Intracoronary Ultrasound Diagnosis of an Aortic Dissection Causing Anterior Acute Myocardial Infarction
A 63-year-old woman with a history of hypertension presented to the emergency room with the sudden onset of severe chest pain radiating to her back. The ECG (Figure 1A) showed marked ST-segment elevation in leads I, aVL, and V1-V6 and ST-segment depression in leads II, III, and aVF, suggesting acute anterior myocardial infarction. An emergency coronary angiogram demonstrated a long tight lesion of 99% stenosis (Figure 1B) in the left anterior descending coronary artery (LAD), just after the bifurcation of the left circumflex artery (LCx). Intravascular ultrasound before intervention (Figure 2) revealed a huge hematoma originating from the aorta and extending into the LAD to involve the first diagonal branch, diagnostic of type A aortic dissection. Primary angioplasty was performed successfully with implantation of 3 stents. After the procedure, the patient’s hemodynamics stabilized. She underwent repair of the aortic dissection with reconstruction of the ascending aorta.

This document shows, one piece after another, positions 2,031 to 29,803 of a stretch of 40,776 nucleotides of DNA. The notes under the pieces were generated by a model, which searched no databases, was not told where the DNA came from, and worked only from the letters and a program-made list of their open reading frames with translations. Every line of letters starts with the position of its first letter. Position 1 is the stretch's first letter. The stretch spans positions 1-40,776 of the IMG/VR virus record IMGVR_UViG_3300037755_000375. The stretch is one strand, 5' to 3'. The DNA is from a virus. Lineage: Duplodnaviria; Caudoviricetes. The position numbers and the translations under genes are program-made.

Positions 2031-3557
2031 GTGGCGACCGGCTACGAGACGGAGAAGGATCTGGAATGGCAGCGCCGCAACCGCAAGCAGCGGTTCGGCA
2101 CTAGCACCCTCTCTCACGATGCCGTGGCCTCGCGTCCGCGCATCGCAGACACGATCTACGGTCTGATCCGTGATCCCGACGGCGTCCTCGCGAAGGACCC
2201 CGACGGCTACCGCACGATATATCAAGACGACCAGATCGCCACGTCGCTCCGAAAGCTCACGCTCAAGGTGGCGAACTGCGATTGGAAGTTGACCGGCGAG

Dr Hibi was supported by grants from the Getz-Stanford Cardiovascular Research Scholarship Program and the Uehara Memorial Foundation.
The editor of Images in Cardiovascular Medicine is Hugh A. McAllister, Jr, MD, Chief, Department of Pathology, St Luke’s Episcopal Hospital and Texas Heart Institute, and Clinical Professor of Pathology, University of Texas Medical School and Baylor College of Medicine.
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